Back to Top Skip to main content

Caring for the caregivers of TBI patients

Shundra Johnson, left, gives encouragement to her husband Coast Guard Lt. Sancho Johnson during the Navy’s wounded warrior training camp for the 2015 DoD Warrior Games in Port Hueneme, Calif., May 29, 2015. Shundra is also her husband’s caregiver. (DoD News photo by EJ Hersom)             Shundra Johnson, left, gives encouragement to her husband Coast Guard Lt. Sancho Johnson during the Navy’s wounded warrior training camp for the 2015 DoD Warrior Games in Port Hueneme, Calif., May 29, 2015. Shundra is also her husband’s caregiver. (DoD News photo by EJ Hersom)

Recommended Content:

Traumatic Brain Injury

Many service members and veterans who experience traumatic brain injuries recover completely, but some endure chronic problems for years that require extended caregiving—usually from family members such as spouses or parents. Now, a first-of-a-kind tool developed by the Defense and Veterans Brain Injury Center could allow health care providers to assess the burdens on caregivers and develop treatments to meet their needs.

Working with federal and academic partners, DVBIC developed the Traumatic Brain Injury Caregiver Quality of Life measurement tool, known as TBI-CareQOL. The tool assesses how caregivers feel about loss of self-identity, or whether they feel trapped or anxious or stressed. The tool “will give researchers and clinicians some real insight into, and ability to measure impact, of TBI caregiving on the family member,” said Johanna Smith, a DVBIC program analyst.

The tool is currently in use as part of a congressionally-mandated study, known as the “15-year study”, following a group of caregivers of service members and veterans with TBI injuries. DVBIC supports this long-term project, which is taking place at the Walter Reed National Military Medical Center.

The new tool builds on the National Institutes of Health-funded “Patient-Reported Outcomes Measurement Information System,” known as PROMIS, which measures health-related quality of life indicators.  

DVBIC’s new tool was shown to be a reliable and valid instrument for measuring quality of life. In the future, the tool could help identify caregivers who need rest from their responsibilities or who are at-risk for developing mental and physical health difficulties.

As Smith pointed out, “Caring for the caregiver allows for better care of our service members and veterans.”

DVBIC’s A Head for the Future initiative has chronicled some of the challenges caregivers face, and how they can avoid burn out. As the caregiver husband of a Coast Guard veteran who sustained a TBI, Jason Courneen said, “Every day is different. I remember my limits and take breaks as needed so that I can center myself and be the best husband, dad, and caregiver possible.” To get a break from caring for his wife Alexis, he exercises regularly by running, mountain biking, and skiing.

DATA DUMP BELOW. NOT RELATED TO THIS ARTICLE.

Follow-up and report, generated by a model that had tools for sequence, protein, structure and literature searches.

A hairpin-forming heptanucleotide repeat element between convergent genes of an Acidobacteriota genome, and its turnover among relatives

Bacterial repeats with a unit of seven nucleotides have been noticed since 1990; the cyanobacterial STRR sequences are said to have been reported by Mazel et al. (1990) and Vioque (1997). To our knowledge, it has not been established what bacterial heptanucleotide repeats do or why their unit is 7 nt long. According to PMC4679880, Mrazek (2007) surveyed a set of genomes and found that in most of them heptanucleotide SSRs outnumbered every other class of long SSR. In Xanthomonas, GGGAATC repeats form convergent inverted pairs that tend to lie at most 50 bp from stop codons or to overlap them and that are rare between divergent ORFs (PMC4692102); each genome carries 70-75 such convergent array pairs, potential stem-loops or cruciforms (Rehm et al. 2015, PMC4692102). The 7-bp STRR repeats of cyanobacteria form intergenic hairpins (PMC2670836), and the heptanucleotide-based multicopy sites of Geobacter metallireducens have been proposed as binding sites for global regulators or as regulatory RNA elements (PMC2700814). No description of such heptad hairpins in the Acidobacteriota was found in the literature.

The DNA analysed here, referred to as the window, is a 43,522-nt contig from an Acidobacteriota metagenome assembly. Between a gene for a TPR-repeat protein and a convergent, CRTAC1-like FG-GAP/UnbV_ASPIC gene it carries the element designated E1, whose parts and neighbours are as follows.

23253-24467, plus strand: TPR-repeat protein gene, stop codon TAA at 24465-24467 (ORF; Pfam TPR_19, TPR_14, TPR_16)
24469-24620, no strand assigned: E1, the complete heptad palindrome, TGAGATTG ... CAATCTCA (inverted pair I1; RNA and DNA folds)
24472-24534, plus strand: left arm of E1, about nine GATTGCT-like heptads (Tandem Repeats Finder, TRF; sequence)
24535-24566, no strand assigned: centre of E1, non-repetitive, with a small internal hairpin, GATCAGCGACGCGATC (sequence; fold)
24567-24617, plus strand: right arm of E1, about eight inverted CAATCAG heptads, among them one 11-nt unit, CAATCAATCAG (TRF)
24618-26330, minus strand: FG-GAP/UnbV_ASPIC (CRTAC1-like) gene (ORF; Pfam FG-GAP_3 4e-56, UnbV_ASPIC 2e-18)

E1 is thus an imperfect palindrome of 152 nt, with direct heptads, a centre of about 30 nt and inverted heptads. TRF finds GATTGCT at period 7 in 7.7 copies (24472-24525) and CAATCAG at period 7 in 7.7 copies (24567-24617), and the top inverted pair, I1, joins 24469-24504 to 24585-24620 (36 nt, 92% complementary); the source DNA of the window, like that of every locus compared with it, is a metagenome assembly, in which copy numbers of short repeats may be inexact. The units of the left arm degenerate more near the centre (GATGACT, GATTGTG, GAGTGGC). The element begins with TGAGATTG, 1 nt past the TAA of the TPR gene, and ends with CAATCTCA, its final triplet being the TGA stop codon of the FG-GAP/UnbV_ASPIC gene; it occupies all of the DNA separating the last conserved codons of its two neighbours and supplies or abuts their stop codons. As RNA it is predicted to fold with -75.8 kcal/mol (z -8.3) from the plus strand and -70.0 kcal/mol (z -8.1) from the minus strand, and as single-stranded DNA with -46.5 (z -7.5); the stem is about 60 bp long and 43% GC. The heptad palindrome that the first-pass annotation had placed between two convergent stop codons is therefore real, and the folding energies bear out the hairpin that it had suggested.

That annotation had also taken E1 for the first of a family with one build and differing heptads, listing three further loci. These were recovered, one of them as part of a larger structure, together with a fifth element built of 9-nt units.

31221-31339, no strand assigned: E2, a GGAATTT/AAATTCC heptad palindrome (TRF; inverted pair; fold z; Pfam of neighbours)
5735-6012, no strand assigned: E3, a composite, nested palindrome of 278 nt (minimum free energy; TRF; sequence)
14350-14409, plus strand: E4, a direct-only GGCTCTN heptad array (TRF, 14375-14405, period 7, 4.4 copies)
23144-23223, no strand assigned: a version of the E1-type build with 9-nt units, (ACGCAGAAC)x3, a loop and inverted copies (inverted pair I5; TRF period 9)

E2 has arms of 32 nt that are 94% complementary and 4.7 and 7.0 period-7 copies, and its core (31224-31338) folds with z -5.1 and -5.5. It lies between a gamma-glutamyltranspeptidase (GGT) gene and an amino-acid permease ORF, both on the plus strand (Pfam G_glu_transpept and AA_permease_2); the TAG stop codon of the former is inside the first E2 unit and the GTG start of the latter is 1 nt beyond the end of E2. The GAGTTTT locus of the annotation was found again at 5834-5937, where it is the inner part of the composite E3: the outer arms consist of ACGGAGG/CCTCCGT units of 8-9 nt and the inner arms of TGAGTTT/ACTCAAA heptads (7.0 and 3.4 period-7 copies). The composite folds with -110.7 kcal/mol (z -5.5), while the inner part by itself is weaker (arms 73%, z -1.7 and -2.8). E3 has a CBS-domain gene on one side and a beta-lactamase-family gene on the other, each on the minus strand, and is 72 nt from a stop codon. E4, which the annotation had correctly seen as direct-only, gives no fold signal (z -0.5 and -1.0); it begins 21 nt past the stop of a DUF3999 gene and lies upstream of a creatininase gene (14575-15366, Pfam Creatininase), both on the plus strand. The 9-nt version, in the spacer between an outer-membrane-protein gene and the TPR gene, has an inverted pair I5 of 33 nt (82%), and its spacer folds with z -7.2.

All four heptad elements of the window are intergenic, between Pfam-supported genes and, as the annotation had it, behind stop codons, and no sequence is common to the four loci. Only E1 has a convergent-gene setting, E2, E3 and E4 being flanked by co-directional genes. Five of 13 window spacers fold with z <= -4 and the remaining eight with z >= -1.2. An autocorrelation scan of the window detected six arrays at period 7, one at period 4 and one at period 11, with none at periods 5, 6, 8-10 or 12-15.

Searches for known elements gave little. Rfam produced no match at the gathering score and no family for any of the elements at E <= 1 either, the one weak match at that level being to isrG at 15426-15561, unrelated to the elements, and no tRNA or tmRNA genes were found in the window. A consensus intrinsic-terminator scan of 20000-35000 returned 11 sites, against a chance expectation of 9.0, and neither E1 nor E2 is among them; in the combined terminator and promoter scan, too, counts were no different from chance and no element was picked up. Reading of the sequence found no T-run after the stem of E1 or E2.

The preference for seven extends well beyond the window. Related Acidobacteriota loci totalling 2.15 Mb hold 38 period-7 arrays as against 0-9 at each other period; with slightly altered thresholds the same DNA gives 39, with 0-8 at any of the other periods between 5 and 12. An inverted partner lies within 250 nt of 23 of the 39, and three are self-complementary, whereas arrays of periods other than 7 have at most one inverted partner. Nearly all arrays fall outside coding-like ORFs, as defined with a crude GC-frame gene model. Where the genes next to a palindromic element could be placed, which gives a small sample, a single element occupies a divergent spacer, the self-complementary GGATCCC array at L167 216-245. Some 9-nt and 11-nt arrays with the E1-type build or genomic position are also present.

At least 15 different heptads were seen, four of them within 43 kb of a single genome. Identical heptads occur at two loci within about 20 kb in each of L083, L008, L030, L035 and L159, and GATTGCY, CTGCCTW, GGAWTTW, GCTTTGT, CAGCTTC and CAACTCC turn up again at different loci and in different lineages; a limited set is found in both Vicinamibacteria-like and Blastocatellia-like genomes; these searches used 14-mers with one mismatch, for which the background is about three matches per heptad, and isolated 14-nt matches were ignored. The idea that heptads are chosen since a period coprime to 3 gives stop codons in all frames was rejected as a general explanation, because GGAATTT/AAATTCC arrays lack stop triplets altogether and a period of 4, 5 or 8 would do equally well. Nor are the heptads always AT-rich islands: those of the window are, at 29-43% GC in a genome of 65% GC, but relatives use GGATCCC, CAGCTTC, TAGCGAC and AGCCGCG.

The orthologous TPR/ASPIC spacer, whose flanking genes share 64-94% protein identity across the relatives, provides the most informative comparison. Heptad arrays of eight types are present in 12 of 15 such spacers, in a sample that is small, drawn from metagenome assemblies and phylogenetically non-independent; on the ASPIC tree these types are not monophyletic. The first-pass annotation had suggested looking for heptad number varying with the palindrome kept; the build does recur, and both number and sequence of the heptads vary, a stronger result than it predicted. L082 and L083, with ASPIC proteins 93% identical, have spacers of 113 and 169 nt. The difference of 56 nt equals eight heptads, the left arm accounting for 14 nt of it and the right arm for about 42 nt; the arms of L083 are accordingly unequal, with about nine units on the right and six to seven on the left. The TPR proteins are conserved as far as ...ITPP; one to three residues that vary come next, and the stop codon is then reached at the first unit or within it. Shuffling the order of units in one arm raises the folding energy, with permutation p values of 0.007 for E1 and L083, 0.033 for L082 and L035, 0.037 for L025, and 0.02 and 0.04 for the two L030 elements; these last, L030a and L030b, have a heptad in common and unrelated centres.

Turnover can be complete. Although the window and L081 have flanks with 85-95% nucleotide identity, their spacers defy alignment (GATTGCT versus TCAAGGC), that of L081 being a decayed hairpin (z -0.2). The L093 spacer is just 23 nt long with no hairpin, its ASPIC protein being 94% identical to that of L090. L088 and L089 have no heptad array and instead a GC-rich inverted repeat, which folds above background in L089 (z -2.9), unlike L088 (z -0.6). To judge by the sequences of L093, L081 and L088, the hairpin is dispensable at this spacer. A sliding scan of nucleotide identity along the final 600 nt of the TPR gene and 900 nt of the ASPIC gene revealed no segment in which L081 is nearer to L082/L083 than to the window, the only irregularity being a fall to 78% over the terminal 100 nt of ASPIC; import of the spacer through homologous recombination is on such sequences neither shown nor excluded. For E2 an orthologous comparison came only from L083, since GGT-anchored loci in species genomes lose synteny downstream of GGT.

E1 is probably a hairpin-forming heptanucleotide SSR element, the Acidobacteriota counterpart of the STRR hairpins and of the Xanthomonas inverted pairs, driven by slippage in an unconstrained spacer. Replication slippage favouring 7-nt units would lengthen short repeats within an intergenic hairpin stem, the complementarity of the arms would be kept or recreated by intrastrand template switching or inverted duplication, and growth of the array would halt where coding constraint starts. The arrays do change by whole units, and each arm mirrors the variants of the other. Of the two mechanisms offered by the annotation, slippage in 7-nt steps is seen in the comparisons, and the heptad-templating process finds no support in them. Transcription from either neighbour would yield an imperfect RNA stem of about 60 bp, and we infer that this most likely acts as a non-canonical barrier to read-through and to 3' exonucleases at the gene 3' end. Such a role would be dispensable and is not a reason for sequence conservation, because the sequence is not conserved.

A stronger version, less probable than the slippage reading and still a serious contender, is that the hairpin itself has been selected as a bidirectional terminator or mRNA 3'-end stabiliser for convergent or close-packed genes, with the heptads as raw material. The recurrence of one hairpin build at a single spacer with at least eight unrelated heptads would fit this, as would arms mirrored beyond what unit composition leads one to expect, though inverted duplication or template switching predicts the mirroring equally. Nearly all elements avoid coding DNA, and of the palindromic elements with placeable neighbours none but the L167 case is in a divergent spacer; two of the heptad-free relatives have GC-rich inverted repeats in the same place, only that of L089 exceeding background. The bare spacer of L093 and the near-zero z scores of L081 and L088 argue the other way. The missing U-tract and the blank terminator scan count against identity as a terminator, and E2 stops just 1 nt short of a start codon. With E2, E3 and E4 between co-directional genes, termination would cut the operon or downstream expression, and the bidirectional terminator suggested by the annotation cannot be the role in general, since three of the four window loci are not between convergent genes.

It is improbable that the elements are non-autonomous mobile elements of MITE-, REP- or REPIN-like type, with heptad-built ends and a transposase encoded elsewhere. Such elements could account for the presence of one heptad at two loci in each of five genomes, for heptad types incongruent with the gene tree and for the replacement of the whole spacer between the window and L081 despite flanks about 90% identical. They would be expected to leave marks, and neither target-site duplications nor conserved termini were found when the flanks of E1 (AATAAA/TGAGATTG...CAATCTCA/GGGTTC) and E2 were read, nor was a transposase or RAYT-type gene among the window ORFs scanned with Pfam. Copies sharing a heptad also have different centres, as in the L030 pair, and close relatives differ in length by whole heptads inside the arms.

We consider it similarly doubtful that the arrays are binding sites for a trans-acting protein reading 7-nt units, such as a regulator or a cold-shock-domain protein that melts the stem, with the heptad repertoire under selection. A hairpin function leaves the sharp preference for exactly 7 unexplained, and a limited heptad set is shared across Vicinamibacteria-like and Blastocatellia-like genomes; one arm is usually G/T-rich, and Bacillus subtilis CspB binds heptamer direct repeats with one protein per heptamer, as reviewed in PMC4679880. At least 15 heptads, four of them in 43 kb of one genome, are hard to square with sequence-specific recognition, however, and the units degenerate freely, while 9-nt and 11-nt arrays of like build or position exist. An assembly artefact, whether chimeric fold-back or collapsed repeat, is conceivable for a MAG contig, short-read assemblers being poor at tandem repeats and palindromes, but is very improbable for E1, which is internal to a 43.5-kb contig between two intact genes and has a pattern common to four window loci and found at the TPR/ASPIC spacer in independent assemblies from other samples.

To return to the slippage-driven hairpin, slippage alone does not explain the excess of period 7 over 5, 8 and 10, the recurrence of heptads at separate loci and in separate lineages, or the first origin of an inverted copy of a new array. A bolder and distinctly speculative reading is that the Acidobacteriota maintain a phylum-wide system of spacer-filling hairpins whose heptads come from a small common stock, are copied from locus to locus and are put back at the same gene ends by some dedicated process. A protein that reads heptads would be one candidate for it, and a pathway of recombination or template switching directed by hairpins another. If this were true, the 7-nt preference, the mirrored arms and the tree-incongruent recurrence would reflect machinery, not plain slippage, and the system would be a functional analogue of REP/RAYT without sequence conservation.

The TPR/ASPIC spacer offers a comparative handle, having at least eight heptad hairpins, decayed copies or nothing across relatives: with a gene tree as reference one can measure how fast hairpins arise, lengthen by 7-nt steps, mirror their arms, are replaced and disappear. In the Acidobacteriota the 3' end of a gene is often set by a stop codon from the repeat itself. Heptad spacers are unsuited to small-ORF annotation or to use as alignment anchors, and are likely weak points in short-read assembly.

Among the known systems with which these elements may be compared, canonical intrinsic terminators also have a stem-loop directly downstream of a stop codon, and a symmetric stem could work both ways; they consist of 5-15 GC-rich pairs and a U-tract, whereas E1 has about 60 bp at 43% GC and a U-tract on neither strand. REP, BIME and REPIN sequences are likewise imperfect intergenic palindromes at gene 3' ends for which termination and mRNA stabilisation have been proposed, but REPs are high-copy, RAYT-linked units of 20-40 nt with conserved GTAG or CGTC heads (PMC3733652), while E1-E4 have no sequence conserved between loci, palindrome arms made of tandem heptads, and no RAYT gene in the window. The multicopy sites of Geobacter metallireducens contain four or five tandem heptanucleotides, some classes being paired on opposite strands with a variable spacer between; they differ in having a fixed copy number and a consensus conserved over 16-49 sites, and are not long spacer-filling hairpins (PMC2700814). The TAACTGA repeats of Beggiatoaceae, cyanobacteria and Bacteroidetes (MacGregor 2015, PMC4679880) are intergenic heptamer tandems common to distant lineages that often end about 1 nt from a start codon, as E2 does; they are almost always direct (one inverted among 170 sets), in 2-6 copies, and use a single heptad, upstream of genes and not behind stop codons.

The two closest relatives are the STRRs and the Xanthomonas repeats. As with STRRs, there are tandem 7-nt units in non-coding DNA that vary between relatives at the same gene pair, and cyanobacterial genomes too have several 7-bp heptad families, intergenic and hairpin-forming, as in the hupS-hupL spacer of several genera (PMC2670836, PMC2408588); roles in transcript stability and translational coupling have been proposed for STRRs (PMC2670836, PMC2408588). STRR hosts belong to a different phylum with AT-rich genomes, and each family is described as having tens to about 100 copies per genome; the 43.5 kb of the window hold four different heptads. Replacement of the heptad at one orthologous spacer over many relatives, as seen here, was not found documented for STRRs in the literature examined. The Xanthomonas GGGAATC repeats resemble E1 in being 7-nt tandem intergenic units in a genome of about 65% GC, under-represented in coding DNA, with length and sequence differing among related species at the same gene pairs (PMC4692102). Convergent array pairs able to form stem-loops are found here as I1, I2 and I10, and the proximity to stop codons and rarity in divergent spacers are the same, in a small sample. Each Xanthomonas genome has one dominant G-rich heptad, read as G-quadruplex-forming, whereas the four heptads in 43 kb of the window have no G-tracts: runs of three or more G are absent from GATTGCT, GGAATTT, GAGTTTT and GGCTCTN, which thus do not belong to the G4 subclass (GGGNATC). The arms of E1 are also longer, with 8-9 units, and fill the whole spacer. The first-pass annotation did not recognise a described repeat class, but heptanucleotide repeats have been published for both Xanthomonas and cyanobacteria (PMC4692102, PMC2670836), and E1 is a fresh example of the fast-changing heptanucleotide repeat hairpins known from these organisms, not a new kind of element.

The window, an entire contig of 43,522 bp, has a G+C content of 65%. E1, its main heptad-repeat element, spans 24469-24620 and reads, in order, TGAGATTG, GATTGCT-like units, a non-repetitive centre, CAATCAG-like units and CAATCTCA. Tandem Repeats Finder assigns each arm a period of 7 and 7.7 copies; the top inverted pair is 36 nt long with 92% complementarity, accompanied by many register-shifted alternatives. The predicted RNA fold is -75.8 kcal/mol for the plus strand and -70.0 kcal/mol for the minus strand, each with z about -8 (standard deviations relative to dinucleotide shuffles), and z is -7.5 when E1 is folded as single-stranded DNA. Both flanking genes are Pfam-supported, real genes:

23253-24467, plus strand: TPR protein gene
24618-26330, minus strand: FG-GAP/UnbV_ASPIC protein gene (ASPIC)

Lisa Colella, who takes care of her Marine veteran husband Rick, said, “I also take walks, set aside time to be social, schedule routine physical and mental health checkups, take classes available for caregivers, and exercise.”

These stories provide vivid examples of resilience when dealing with TBI. But more research is needed to ensure that all caregivers have needed support services.

Find additional resources on caregiver support on the DVBIC website.

You also may be interested in...

DVBIC eye-tracking tech may help service members with concussions

Article
7/28/2020
Soldier sitting in front of a laptop with headphones on

The Fusion technology is more objective, by assessing eye reaction time.

Recommended Content:

Traumatic Brain Injury

TBI researchers increased access to data expands ability to care

Article
7/24/2020
Image of woman speaking at a podium

The study's impact will expand with its inclusion in FITBIR.

Recommended Content:

Traumatic Brain Injury

DVBIC collaboration leads to improved sleep recommendations

Article
7/13/2020
Airman sleeping on floor of plane

The expanded recommendations identify additional sleep disturbances through a streamlined process of diagnosis and management.

Recommended Content:

Sleep | Traumatic Brain Injury

The NICoE: Ten years of Healing ‘The Invisible Wounds of War’

Article
6/30/2020
Image of man hooked up to machine and walking on treadmill

10 years of TBI, PTS care

Recommended Content:

Traumatic Brain Injury | Posttraumatic Stress Disorder

The Language of Anger and Depression Among Patients with Concussions

Article
6/4/2020
Image of naval captain talking to another military person

Soldiers often do not overtly express their feelings of depression.

Recommended Content:

Traumatic Brain Injury | Posttraumatic Stress Disorder | Anger | Depression

Improving training of healthcare providers boosts post-concussion care

Article
3/24/2020
Elizabeth Fuentes (left), physical therapist assistant, Fort Bliss Traumatic Brain Injury Clinic, William Beaumont Army Medical Center, provides information and educates medical professionals about TBI symptoms, treatments and assessments, during the TBI Clinic’s open house event, in observance of Brain Injury Awareness Month. (U.S. Army photo by Marcy Sanchez)